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An Engineering Experi-Mint

Our very own CJ Walker, PE, Cheyenne Civil Service Center Manager, recently spent some time with some third graders at St. Mary’s Catholic School in Cheyenne, Wyoming to discuss the role of civil engineers, introduce the engineering design process, and finally, engage in a fun activity including the design, construction, and testing of a Mint-Mobile vehicle.

In partnership with the University of Wyoming for Engineering Week 2023, CJ, along with various other UWYO alumni, was paired with a third-grade class throughout the state to increase understanding of and interest in engineering and technology careers. CJ’s activity included designing, building, and testing a model race car made from simple materials, such as Lifesaver breath mints, to explore independent, dependent, and control variables in measuring the changes in distance traveled with the addition of mass to the vehicles. Students practiced the steps of the engineering design process by brainstorming, planning, building, testing, and improving their mint mobiles.

“My discussions focused on the idea that ‘mistakes are opportunities to learn’. When something doesn’t work the first time, you just go through another iteration and work to improve your design,” CJ explains.

Each vehicle went through three trials with improvements to the car between each trial. The cars that traveled the furthest in the first trial did not travel as far in the next two trials. They then discussed how sometimes our “improvements” actually don’t work as well as we thought and how these are some of the best opportunities to ponder and learn why the improvements decreased their results. Many of the students originally taped the breath mints to their vehicles and watched as the vehicles plummeted down the ramp to hit the carpet. They were a little discouraged, but with a little encouragement, they went back to the drawing board and every group had a functioning vehicle before the end of the activity.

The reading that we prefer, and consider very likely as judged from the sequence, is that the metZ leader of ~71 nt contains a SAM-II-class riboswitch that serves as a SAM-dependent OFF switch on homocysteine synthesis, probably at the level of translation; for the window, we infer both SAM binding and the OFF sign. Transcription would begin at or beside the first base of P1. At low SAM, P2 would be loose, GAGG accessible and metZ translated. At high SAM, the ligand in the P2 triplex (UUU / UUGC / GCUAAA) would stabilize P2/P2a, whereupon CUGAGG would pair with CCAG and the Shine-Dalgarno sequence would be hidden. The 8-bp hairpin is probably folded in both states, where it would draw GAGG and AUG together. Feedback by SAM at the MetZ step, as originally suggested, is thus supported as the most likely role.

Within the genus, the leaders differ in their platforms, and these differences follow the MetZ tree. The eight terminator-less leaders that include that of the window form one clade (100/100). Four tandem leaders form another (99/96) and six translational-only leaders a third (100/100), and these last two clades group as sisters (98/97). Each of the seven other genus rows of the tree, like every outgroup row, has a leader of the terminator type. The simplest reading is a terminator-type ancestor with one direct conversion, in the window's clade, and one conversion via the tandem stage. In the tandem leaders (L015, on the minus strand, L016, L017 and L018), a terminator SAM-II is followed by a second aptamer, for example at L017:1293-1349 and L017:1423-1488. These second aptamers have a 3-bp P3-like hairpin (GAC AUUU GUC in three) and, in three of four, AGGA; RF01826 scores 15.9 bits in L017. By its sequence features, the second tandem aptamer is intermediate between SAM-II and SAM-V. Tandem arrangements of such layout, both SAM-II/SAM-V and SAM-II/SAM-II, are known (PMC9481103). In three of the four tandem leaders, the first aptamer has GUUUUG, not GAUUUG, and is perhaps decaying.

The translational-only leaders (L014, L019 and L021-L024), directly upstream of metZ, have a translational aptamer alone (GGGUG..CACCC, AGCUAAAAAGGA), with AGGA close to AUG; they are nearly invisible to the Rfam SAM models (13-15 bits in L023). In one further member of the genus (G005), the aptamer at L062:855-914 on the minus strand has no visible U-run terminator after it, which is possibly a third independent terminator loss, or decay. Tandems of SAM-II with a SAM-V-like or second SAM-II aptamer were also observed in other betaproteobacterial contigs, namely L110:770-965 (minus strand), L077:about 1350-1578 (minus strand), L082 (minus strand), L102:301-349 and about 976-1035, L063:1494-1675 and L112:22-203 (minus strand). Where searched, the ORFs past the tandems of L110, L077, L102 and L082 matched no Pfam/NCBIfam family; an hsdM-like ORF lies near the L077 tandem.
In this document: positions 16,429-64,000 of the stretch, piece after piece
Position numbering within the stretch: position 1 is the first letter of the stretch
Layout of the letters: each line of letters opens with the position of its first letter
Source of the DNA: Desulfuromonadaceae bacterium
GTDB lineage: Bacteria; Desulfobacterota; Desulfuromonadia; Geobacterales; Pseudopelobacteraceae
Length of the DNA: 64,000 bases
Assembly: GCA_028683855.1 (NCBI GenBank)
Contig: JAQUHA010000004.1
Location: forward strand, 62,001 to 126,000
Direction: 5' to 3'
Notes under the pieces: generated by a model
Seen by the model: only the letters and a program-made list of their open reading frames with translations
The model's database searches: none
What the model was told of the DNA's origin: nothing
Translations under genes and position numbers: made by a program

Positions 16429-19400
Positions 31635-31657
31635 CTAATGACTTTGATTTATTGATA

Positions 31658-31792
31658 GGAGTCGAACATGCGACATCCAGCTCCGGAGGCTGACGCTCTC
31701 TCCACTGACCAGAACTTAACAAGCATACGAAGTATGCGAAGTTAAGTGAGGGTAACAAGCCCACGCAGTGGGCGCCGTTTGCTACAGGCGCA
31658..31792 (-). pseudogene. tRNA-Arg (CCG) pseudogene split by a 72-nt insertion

CJ admits that it was a little challenging to restrain himself from becoming overly controlling during the construction phase of the vehicles. His usual instinct is to jump in and help when he sees issues developing, but it was beneficial to allow the natural flow of events to occur for the kids to learn a lot more rather than if he had jumped in and taken over.

“Creativity is a key to success in engineering, and these children are chock-full of it. As long as our society can encourage and foster the creativity and determination of these students, then the future of engineering is bright,” said CJ.

The experience ultimately reminded him that your attitude determines your success. It may seem difficult to imagine that a group of third graders would be able to build functional mint cars in such a short period of time, but the energy and determination of these students were palpable. They were confronted with a task that they did not know how to accomplish, but they were determined to succeed.